Omar Minaya and the Mets put in an aggressive posting bid for Daisuke Matsuzaka back in 2006.NEW YORK
Matsuzaka, now 32, nearly became a Met in his prime.
Former GM Omar Minaya on Thursday recalled the Mets finishing second to the Boston Red Sox in the posting bidding for Matsuzaka after the Japanese icon declared his intent to come to the United States during a November 2006 press conference at the Takanawa Prince Hotel in Tokyo.
Minaya remembered Mets officials feeling good about their chances of landing Matsuzaka after submitting a posting bid in the $35 million vicinity.Courtesy of New York Mets
Daisuke Matsuzaka stopped by Citi Field on Thursday's off-day.
The highest bid would give the major league team the exclusive right to negotiate with the pitcher. The posting fee goes to the Japanese ballclub, not the player.
At the time, the Mets’ bid was poised to wildly surpass the highest figure ever submitted for a player posted from Japan. The record at the time: The Seattle Mariners had won the rights to negotiate with Ichiro Suzuki back in 2000 for a $13 million posting fee to the Orix Blue Wave.
However, the Mets lost out on Matsuzaka when the bids were unsealed and it was learned the Red Sox had submitted a whopping posting bid of $51.11 million to the Seibu Lions.
In subsequent negotiations, Matsuzaka received a $52 million contract over six years from Boston, making the Red Sox’s total outlay to land him $103.11 million.
“We thought we had a good number at the time, but the bottom line is they were much higher than us,” recalled Minaya, now a special assistant with the San Diego Padres. “After that season, we were kind of looking for that No. 1 guy. And the guys we were considering were Dice-K and [Barry] Zito at the time, too. Dice-K and him were the two best guys out there.
“At that time, I think the biggest [posting bid ever] was Ichiro -- not even $15 million. And we finished third with Ichiro. But the bottom line is we went up to the middle $30s -- or high $30s, I think it was -- with Dice-K. And we thought we had a good chance. The bottom line is they went up to the $50s.
“I had seen Dice-K a lot. I saw Dice-K in Japan. I saw Dice-K in Australia and in the Olympics. So I had a lot of history with him. And at the time he was a pretty good pitcher -- a very good pitcher.
“The question was: How much does he bring to the marketing side? At that time Boston felt he was going to bring them a lot of extra marketing, and that’s why they went to that number.”Courtesy of New York Mets
Tonight's game also features a Jay Horwitz bobblehead giveaway (here pictured with the real thing).
Now, Matsuzaka opposes right-hander Doug Fister (10-6, 3.63) in the 7:10 p.m. series opener. The night also includes a Jay Horwitz bobblehead giveaway for those buying special tickets. Third Eye Blind entertains with a postgame concert.
Matsuzaka likely will have a short outing, since he will work on short rest after throwing 85 pitches Monday for Triple-A Columbus. Carlos Torres, originally penciled in for the start, should piggyback Matsuzaka’s outing.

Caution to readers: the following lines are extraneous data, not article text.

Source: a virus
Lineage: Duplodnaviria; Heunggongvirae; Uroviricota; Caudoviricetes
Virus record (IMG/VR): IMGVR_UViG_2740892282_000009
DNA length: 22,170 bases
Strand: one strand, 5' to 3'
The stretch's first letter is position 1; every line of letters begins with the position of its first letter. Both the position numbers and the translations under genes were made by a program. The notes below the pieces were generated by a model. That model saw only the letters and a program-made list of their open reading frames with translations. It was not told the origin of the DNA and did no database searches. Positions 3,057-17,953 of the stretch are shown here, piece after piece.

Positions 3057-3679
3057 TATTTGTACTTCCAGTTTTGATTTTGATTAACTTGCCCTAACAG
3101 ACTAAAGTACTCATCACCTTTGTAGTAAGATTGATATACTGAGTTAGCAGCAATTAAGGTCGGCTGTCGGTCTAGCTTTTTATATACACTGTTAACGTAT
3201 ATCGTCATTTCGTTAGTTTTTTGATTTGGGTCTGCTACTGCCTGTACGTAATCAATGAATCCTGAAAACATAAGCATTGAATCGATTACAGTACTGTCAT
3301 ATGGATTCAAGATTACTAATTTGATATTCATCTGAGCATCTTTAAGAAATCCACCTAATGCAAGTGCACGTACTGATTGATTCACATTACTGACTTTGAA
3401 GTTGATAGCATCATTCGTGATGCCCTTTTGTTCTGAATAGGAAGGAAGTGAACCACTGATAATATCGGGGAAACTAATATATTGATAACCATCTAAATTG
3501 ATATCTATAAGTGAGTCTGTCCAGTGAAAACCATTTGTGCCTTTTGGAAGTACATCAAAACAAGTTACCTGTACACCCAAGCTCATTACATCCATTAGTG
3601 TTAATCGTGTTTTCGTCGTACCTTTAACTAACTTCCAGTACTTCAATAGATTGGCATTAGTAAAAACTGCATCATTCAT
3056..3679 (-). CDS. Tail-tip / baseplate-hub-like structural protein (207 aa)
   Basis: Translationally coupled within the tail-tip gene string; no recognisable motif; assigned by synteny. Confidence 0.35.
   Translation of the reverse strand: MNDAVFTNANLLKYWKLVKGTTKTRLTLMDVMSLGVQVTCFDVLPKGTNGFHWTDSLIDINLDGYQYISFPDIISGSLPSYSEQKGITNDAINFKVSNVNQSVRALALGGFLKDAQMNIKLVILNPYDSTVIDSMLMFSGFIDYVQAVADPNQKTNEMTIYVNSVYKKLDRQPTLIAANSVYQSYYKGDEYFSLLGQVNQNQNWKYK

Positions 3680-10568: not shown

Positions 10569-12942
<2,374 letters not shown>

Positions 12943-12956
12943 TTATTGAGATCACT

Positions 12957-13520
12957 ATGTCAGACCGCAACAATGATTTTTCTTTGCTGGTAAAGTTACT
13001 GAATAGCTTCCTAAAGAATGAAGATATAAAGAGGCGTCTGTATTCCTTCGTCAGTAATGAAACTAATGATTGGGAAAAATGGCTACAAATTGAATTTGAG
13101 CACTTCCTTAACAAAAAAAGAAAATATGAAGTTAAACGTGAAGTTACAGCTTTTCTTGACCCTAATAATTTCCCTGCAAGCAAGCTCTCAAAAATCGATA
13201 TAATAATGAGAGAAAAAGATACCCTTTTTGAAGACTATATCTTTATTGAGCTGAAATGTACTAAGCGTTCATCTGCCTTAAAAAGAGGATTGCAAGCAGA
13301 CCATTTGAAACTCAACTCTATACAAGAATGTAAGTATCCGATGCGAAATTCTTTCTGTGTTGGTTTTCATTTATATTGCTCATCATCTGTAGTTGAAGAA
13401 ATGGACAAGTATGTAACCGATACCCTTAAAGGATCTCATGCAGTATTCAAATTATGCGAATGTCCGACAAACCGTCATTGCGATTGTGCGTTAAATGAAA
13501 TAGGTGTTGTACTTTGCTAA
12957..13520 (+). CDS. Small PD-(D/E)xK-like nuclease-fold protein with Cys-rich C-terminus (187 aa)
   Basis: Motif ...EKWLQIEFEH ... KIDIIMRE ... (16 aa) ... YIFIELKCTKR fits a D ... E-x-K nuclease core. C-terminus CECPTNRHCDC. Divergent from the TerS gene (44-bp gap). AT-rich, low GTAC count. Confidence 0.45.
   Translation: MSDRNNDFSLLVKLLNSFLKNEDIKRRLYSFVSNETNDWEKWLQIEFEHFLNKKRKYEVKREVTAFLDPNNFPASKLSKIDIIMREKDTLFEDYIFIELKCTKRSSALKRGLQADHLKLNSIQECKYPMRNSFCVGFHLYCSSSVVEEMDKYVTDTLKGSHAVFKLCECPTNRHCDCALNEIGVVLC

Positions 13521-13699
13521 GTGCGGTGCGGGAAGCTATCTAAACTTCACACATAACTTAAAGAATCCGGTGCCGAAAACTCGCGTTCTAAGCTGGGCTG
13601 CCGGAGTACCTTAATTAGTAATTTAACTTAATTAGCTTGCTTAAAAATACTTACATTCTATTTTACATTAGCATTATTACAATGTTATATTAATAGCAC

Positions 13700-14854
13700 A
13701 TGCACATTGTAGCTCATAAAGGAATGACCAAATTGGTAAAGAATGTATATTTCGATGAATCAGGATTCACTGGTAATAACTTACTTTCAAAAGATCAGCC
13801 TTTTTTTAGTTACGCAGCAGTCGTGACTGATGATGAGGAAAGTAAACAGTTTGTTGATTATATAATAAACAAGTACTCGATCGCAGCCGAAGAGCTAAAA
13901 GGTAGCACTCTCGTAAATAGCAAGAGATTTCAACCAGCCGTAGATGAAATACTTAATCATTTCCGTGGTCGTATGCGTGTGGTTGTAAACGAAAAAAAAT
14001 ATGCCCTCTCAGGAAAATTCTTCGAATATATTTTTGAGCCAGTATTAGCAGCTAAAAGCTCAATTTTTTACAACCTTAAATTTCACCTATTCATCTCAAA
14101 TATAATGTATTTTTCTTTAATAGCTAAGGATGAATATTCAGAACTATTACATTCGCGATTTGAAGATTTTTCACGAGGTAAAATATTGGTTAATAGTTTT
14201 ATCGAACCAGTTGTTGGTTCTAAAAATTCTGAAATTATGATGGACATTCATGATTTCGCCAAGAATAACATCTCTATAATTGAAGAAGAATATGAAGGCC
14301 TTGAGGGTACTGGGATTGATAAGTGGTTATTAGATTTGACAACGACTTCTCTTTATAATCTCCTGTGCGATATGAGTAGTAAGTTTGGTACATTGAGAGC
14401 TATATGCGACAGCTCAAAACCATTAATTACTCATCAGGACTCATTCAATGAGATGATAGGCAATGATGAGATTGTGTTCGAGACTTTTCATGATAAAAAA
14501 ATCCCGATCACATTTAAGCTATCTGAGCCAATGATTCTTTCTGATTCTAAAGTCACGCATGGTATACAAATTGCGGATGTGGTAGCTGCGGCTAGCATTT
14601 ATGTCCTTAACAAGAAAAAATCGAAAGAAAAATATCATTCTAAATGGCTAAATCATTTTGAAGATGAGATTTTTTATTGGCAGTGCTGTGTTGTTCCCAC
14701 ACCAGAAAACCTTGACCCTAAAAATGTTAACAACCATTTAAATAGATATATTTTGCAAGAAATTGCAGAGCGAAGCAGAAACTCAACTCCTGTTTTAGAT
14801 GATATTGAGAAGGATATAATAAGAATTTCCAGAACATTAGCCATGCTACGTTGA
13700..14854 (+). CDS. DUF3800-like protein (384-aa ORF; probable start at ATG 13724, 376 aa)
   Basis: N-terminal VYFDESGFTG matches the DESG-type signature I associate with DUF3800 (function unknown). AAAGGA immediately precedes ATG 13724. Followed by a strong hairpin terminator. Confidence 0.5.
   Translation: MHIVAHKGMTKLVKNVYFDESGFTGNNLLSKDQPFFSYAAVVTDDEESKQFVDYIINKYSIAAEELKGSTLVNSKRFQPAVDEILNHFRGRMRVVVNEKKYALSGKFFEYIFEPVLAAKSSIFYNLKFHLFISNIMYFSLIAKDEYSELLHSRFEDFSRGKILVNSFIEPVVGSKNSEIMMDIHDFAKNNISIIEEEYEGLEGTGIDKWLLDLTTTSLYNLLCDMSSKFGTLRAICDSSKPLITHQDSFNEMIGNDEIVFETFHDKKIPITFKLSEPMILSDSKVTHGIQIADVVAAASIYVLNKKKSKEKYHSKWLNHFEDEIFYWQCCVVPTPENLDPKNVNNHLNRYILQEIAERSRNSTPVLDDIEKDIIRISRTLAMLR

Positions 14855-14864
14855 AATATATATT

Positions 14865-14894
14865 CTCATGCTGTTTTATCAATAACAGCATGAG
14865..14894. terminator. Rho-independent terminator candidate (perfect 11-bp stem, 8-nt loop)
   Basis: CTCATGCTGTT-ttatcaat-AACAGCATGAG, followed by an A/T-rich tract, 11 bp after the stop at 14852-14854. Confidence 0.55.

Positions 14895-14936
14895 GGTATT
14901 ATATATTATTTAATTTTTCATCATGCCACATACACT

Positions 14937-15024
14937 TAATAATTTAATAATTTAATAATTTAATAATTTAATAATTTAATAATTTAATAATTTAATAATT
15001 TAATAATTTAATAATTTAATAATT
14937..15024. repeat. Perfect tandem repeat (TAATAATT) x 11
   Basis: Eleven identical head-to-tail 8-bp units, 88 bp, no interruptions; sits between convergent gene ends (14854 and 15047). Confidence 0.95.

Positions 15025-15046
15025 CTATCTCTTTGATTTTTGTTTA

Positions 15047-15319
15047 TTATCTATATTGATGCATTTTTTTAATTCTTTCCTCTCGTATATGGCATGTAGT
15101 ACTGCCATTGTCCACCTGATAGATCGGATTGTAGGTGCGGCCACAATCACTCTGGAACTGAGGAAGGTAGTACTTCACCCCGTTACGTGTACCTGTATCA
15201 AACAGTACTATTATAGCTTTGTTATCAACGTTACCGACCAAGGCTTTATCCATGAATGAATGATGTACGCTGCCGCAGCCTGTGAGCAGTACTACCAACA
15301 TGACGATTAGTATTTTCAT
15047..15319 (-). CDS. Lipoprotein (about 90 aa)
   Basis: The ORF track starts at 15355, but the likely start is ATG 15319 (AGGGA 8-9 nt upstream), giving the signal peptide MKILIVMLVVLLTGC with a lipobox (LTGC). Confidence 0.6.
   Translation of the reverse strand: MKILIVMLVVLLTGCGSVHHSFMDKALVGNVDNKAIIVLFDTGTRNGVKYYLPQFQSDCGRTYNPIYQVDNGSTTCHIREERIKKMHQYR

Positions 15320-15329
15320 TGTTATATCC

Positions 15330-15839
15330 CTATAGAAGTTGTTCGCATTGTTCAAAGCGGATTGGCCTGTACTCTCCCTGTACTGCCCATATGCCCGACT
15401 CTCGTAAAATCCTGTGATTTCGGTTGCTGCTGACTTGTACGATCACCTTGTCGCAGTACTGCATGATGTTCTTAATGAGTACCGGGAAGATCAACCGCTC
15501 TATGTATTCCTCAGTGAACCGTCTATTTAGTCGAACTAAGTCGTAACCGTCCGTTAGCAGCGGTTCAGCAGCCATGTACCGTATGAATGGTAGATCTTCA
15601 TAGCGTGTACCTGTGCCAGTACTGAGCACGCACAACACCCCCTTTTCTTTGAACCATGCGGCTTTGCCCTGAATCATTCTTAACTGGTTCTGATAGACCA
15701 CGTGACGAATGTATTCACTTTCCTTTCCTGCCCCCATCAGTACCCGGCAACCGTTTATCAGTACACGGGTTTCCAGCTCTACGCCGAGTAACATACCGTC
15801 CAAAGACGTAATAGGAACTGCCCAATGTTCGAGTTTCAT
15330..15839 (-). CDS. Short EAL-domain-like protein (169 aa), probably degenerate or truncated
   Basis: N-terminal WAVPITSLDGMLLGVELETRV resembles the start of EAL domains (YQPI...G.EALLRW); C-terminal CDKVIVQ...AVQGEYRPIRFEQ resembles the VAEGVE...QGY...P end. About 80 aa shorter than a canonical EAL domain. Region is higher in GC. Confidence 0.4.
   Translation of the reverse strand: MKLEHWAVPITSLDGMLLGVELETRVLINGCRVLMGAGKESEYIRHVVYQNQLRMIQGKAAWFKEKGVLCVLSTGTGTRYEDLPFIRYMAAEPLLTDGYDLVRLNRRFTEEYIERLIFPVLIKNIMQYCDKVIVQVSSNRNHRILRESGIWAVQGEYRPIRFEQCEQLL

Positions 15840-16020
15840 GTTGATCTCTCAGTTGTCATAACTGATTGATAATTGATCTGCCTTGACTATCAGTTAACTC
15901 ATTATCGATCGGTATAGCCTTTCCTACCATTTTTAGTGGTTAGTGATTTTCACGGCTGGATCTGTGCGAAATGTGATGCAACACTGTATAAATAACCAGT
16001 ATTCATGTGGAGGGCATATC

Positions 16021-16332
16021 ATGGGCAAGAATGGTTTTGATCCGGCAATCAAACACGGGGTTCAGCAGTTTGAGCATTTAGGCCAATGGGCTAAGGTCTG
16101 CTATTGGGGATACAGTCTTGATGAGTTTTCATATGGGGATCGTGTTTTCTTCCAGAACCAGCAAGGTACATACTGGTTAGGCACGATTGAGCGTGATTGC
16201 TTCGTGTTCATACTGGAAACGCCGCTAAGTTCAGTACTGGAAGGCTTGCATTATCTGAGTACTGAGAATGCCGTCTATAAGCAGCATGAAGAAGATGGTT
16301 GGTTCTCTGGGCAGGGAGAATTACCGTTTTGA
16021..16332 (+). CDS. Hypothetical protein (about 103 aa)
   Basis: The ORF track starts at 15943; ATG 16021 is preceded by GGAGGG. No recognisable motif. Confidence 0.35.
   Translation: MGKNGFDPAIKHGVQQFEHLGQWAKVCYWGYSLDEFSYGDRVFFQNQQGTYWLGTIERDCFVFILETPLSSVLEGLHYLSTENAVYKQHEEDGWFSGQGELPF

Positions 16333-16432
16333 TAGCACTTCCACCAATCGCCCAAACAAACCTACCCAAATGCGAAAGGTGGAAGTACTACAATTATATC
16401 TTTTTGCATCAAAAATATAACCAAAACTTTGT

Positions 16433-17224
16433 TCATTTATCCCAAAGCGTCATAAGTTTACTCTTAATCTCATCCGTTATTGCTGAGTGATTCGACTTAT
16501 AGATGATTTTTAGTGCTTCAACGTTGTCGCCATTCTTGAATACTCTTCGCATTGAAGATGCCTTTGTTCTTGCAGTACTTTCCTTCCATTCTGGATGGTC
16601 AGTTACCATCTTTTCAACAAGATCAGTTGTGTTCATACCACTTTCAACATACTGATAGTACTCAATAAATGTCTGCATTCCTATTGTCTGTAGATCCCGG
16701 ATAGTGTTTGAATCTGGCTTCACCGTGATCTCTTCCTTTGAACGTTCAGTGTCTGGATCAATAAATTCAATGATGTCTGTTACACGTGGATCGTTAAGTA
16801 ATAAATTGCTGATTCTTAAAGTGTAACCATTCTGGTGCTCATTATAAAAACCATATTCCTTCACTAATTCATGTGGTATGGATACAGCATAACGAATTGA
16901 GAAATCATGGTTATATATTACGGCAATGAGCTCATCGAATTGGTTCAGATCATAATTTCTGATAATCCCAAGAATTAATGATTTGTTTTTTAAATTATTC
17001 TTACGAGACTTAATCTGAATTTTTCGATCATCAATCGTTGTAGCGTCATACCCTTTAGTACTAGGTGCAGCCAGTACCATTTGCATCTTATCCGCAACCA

Read the series Mets-Tigers preview here.
Friday’s news reports:
• Zack Wheeler tells Marc Carig in Newsday he does not mind a team-imposed innings cap. The rookie noted his fastball velocity is now hovering in the lower-90s mph, which signals he is pitching deeper into a season than before and his energy is getting sapped. Wheeler’s brother, Adam, was a flame-throwing Yankees farmhand before tearing a labrum and undergoing surgery that derailed his career. So Wheeler acutely understands the dangers of overwork.
Wheeler currently is at a combined 138 1/3 innings between the majors at minors this season. He logged 149 innings last year. A roughly 30-inning jump from the previous season generally is within the acceptable limit. So Wheeler may have 40 or so more innings left before a shutdown.
"Of course, I'm young and I want to pitch as long as I can,” Wheeler tells Carig. “And with them sort of limiting innings and pitches and all that stuff, I think it will help me out down the road. I'm not mad about it, honestly.''
Stephan Jenkins and Third Eye Blind perform postgame tonight at Citi Field.
• Jason Heyward underwent surgery Thursday in Atlanta on his jaw. He had two plates inserted -- one in each fractured area. Heyward was struck Wednesday by a 90 mph fastball from Jonathon Niese. Read more in the Atlanta Journal-Constitution.
• John Buck tells Jorge Castillo in the Star-Ledger he is embracing the role of mentoring Travis d’Arnaud. Buck generously made an effort to dine with d’Arnaud this summer when the rookie was in New York for a follow-up exam on his fractured foot. “I still have a responsibility to the Mets and to this team,” Buck said. “Travis is my teammate. I have a lot of family members and stuff that think I’m crazy. But that’s just who I am.”
• Giancarlo Alvarado tossed 7 2/3 scoreless innings and Zach Lutz drove in three runs as Las Vegas beat Fresno, 5-0. Rob Whalen tossed seven scoreless innings and Kingsport blanked Bluefield, 7-0. Read the full minor league recap here.
TWEET OF THE DAY:
Harvey vs. Scherzer on Saturday? Sorry kid, we're not watching The Wiggles this weekend. #Mets
— Nick (@drsexington) August 22, 2013
YOU’RE UP: Would you prefer Daisuke Matsuzaka, Carlos Torres, Rafael Montero or Jacob deGrom getting starts down the stretch?